Invisible question marks and parenthetical you-knows? And you-know-what-I’m sayings?  have been attaching themselves to our sentences, even when those sentences aren’t, like, questions?

Are we like the most aggressively non-committed generation to come along in like a long time?

Mali’s spoken-word performance almost seems to be celebrating these ways of speaking.  Immortalizing them.   But he concludes by imploring listeners to “Speak with conviction,” delivering this line with conclusive falling intonation, and a facial expression of drop-dead seriousness.

This call for confident articulation of our convictions makes sense—in certain contexts.  Dozens of you-know-what-I-mean?s throughout Swedish Activist Greta Thunberg’s speeches would likely lessen her impact on worldwide climate awareness. “Invisible question marks” and ubiquitous likes would be surreal on the presidential debate stage.  Fluent, confident, unhesitating speech—speaking with conviction—remains the preferred mode in political debates or speechifying in Davos.

But last week I asked some graduate students in my class—many of whom are international students, all of whom are multilingual and have lived in different parts of the world—to think more broadly about being articulate.  Specifically, I asked, are there certain situations where being inarticulate is more useful?

An answer shared by several students took me by surprise:  Paradoxically, phrases like those maligned by Taylor Mali can also help a person sound like a competent language speaker.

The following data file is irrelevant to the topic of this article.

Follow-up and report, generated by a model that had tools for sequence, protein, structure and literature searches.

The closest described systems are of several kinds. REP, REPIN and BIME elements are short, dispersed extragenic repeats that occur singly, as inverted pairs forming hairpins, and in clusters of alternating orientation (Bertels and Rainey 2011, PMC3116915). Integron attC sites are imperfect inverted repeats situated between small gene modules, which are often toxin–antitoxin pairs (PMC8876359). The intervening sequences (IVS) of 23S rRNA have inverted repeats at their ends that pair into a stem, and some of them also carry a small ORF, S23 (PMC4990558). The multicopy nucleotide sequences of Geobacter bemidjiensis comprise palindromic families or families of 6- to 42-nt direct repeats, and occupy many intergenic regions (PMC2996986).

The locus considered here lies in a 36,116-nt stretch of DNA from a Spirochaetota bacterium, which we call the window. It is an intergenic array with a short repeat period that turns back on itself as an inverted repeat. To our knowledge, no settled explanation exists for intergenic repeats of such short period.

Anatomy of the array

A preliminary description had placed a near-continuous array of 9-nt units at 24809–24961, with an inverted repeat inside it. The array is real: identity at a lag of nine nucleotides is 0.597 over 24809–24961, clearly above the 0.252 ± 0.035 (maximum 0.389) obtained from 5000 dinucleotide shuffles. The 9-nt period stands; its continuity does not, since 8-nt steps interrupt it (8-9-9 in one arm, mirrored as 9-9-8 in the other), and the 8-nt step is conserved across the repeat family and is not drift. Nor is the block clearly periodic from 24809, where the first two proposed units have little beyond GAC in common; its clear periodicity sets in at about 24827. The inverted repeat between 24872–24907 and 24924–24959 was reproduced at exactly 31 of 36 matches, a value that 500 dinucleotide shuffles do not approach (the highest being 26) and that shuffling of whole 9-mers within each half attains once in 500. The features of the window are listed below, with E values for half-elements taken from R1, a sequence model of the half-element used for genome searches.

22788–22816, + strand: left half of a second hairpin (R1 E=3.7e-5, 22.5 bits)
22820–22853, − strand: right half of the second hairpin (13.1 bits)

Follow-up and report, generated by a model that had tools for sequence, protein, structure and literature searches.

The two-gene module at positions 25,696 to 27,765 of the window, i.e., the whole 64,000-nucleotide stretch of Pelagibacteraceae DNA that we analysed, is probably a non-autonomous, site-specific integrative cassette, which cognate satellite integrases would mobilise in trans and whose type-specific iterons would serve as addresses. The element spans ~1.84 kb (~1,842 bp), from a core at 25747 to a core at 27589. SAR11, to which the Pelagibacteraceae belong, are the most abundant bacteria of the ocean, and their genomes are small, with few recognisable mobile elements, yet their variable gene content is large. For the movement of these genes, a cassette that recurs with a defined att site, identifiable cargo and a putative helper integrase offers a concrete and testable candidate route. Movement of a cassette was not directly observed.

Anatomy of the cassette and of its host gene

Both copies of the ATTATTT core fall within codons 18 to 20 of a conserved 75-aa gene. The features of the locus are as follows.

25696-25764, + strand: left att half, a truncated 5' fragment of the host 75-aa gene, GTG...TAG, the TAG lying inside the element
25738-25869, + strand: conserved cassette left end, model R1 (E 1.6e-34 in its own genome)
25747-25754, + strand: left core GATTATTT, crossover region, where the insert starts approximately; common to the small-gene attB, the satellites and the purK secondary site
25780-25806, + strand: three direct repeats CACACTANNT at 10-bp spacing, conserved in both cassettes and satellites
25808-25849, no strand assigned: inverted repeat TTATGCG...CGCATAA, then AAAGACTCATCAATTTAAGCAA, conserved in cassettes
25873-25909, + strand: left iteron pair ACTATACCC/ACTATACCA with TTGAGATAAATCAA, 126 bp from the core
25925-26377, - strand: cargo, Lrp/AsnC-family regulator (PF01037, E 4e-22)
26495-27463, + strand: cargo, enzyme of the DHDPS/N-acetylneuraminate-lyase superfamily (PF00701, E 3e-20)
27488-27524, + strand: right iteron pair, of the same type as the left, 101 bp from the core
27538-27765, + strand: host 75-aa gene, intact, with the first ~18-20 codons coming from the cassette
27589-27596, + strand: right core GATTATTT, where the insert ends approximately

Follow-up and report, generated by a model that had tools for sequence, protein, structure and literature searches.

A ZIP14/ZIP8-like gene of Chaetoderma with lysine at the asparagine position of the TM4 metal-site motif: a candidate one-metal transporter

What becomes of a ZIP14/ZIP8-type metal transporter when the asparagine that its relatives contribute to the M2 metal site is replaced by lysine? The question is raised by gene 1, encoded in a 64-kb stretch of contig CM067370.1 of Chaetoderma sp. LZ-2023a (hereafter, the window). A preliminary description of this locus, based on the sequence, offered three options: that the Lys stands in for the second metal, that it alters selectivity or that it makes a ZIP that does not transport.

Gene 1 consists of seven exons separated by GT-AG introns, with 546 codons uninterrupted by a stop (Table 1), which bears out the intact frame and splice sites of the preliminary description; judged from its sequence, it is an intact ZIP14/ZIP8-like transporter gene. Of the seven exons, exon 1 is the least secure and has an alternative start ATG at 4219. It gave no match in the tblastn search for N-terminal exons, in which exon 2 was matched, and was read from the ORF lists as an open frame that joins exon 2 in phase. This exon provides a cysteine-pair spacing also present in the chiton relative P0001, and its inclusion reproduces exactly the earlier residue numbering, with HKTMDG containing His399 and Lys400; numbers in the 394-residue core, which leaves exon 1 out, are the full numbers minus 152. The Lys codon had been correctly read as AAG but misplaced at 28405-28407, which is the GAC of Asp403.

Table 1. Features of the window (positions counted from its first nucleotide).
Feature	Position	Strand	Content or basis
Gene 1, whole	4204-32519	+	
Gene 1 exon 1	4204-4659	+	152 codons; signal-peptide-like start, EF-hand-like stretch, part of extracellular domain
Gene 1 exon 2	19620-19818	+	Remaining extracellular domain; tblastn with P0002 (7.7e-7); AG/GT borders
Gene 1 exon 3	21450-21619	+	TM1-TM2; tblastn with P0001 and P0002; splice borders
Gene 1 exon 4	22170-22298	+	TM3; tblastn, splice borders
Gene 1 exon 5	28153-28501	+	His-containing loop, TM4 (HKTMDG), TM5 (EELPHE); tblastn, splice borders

One student from China mentioned how, upon arriving in the United states, she was surprised to hear so many “likes” among the native speakers here.  She started using like and you know what I mean to fit in.  As she put it, using these phrases does double duty:  It makes you sound like you’ve been living in the US for a while, and simultaneously gives you time to search for a word, or think through the rest of your sentence—always useful when using a new language.  As soon as she learned the phrase you know what I mean, it became a crucial bridge to successful communication with local English speakers.

A student who grew up in Philadelphia, but had spent the last year living in Brazil, had a similar perspective on speaking Portuguese there.  The crucial word for him had been tipo. Another student remembered that when learning French, her instructor, frustrated with all the students’ “ums” told them to please use the proper French “euh” instead.

The examples began to flow—what about saying o sea or este in Spanish? Or something like ba in Swedish? A quick google search yielded lists of filler words in dozens of other modern languages. This duolingo forum about filler words contains an outpouring of citizen sociolinguistic expertise and appreciation (and a little Taylor Mali-like opprobrium) including these enthusiastic examples:

Screenshot 2020-01-24 13.49.30

As these stories and outpourings of multilingual “filler” words suggest, being “inarticulate” in this way may be an important step in joining a new language community—and even sounding “native-like”.  For a new speaker of any language, speaking “with conviction” may not only be impossible, but undesirable. The priority may instead be fitting in, and using words like like and you know what I mean, can be the most competent way of entering into new conversations.

What forms of being “inarticulate” function well for you?  Or do you find ums, likes, tipos, and you know what I means annoying? Please comment below!